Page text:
Do I not like that! It's Euro '92 all over again

Tough game with France before crashing out against the hosts... there are spooky parallels with Graham Taylor's ill-fated campaign. He talks to Simon Hart

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The Independent Online

If Roy Hodgson is tempted to bemoan his bad luck with injuries and suspension entering the European Championship, the lesson from one of his predecessors in the England job is that things could have been – indeed, have been – worse.

After all, the England manager will at least fly out to Poland today with a full squad of players – a luxury Graham Taylor did not enjoy 20 years ago when embarking on an ill-fated campaign in Sweden that provides several parallels with this year.

From an English perspective, Euro '92 is remembered largely for The Sun turning Taylor's head into a turnip after England's defeat by Sweden brought an early exit and subsequent vilification for the manager who had substituted Gary Lineker on his final international appearance. Yet, behind that broad-brush stroke, is a chapter of England's history which resonates today. Little wonder that, as Hodgson's options have grown alarmingly thin, Taylor has allowed himself a wry smile. "When I saw the headline 'What more can go wrong?' I thought to myself, 'Do they know what happened to me in terms of injuries?'

"Mark Wright dropped out at the very last minute, so late that we were not allowed to replace him," he explains. "Uefa wouldn't allow it and at that time the squad you could take was 20 – two goalkeepers and 18 outfield players. Because we couldn't replace him we went with 19 players. We also went without a recognised right-back because Gary Stevens, Lee Dixon and Rob Jones were injured. At the very last minute I took Keith Curle, with [two caps], and ended up having to play David Batty at right-back."

Taylor was hamstrung higher up the pitch too. "I'd lost [John] Barnes and [Paul] Gascoigne, who were the two most talented players in the country," he said. Barnes had ruptured his Achilles in the final warm-up match against Finland, eight days before England's opening game. "You've got half your first team out through injury," adds Taylor. "When it comes up with Roy now, I think, 'It has happened before'."

Nor do the similarities end there. England's Group D fixture list of France, Sweden and the co-hosts Ukraine carries echoes of Euro '92, when they took on Michel Platini's France and their Swedish hosts following an opening stalemate with Denmark.

Martin Keown, who played in all three matches, recalls the negative response to that draw with the Danish outsiders, who were only participating because of UN sanctions against Yugoslavia. "There was this huge pressure being created by the media because we did not beat them but, of course, they went on to win the thing," says Keown, who, like Taylor, will be contributing to the BBC's Euro 2012 coverage.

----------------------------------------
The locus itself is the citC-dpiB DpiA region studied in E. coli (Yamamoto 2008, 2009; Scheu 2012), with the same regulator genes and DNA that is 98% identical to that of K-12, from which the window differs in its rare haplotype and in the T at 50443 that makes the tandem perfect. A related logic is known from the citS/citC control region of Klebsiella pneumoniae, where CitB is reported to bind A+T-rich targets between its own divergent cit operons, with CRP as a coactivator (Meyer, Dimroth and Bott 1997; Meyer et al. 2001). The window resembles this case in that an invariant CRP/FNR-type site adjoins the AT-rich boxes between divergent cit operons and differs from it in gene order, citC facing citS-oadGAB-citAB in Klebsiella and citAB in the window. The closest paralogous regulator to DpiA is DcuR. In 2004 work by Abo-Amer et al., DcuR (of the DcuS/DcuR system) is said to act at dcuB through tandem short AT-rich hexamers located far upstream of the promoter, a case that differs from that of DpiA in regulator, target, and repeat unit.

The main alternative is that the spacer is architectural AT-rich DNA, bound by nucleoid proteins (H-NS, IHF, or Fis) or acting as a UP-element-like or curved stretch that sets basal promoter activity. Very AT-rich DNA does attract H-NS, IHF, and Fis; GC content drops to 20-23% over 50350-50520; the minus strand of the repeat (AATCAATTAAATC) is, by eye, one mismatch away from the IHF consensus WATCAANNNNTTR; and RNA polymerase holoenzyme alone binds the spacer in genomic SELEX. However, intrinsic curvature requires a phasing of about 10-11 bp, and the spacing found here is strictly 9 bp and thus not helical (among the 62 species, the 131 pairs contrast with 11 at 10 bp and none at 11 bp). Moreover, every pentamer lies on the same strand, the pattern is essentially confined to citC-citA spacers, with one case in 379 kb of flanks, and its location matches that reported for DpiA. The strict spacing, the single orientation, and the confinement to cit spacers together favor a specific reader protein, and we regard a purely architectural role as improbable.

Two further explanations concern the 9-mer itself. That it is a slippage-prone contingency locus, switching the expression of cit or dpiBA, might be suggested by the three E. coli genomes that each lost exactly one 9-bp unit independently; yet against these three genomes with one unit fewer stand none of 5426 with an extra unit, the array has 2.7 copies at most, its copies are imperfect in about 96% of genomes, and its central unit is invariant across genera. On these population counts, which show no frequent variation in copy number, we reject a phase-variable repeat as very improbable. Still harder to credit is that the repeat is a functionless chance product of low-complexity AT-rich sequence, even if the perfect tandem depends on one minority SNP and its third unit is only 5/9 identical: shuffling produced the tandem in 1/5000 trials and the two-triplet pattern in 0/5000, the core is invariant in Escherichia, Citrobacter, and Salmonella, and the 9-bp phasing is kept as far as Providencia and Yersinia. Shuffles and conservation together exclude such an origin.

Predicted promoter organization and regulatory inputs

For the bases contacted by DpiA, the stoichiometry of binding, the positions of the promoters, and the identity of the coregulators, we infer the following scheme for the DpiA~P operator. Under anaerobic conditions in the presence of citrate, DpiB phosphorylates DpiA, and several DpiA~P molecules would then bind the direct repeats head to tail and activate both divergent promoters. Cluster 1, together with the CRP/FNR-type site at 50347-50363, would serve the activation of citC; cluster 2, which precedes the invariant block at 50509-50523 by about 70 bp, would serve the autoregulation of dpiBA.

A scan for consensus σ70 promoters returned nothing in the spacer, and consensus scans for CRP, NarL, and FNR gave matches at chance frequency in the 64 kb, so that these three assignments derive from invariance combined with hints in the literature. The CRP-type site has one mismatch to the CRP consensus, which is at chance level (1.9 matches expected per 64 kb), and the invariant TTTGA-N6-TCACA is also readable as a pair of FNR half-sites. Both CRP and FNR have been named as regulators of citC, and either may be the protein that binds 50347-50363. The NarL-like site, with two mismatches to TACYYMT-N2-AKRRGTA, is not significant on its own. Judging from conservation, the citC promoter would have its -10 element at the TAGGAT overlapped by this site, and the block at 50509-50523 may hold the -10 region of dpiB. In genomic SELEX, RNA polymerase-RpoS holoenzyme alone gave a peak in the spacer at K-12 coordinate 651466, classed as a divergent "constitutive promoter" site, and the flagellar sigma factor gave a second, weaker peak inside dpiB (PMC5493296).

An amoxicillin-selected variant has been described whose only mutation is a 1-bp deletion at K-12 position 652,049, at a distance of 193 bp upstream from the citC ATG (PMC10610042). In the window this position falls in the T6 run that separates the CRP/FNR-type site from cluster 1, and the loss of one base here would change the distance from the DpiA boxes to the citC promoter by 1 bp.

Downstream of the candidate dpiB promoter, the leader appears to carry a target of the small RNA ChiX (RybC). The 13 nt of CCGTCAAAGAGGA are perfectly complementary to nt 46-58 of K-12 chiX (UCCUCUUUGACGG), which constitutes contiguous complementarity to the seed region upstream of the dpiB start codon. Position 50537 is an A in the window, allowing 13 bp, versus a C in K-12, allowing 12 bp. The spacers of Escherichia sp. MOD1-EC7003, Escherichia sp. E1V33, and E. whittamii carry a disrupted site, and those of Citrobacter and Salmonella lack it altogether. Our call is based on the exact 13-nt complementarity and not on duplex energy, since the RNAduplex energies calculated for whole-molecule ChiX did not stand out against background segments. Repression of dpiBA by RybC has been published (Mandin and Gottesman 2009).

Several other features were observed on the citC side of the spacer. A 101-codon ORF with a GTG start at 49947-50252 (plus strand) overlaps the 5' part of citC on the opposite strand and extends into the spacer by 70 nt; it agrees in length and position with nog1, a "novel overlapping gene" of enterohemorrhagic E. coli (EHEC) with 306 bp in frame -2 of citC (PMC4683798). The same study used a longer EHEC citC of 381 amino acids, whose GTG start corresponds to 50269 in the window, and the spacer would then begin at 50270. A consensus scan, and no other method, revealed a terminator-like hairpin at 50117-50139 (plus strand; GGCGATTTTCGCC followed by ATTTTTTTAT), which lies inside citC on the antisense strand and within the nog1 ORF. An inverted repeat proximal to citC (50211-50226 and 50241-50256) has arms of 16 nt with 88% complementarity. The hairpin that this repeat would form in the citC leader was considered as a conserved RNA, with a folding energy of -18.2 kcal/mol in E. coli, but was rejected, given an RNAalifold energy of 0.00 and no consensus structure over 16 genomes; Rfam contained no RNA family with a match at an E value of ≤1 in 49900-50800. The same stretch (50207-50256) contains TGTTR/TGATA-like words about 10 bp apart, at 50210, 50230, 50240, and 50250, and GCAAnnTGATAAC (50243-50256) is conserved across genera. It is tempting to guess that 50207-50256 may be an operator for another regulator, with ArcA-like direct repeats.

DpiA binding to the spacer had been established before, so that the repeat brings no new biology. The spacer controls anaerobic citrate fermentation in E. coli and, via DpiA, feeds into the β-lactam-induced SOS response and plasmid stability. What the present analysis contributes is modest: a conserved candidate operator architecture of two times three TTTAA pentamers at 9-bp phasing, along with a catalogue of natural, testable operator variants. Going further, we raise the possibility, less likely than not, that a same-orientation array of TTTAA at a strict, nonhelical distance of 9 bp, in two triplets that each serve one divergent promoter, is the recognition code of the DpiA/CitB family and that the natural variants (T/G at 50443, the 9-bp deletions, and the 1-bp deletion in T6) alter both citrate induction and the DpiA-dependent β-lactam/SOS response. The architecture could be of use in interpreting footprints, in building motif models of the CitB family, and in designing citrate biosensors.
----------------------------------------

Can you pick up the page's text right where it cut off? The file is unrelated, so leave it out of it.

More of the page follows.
After a second sterile goalless draw with France – featuring Carlton Palmer in a back three – English hopes rose when David Platt scored early in the decisive final game.

It was a different story in the second half, the Swedes striking back through Jan Eriksson and Tomas Brolin, and, looking back, Taylor suggests the signs were there even during the interval: "I remember at half-time going in and saying to the players, 'Have any of you got anything to say at all?' and they looked shattered. The only player who said anything was Nigel Clough, who was a substitute. It really hit me at the time that we do take tired players. Other countries play a lot of football but there's no country in the world that plays its football with the intensity that our Premier League does."

Looking back at the reporting of the campaign, the criticism of Taylor – even Steve Coppell, the columnist for i's sister paper The Independent in Sweden, described England as "the football illiterates of Europe" – is mixed with sympathy. "For England it always seemed likely to end in tears when so many good players withdrew, hors de combat, after another debilitating domestic season," wrote the paper's then football correspondent, Joe Lovejoy – an argument that may well be recycled in about a fortnight's time.

In Taylor's mind, "the turnip situation" – as he puts it – "diminished my authority" for the remainder of his England reign. Hindsight tells him the job came too soon – "I wish it had come at Roy's age" – yet he sees one plus for Hodgson. However bad England's campaign turns out to be, the new manager will not get the blame.

Indeed, as with Denmark's Euro '92 winners – another potential parallel – Taylor suggests the lack of planning time and absence of expectation might prove a blessing. "Nobody expected them to do anything and they played with a refreshing lack of pressure on them. In many respects it is a little similar to England – with this group of players now, if they don't do well, their excuse is already made. It is the [fault of the] FA for making such a late decision; Roy will get a little bit of the criticism but the FA will get most of it. But I have a sneaky little feeling we might do better than a lot of people are thinking."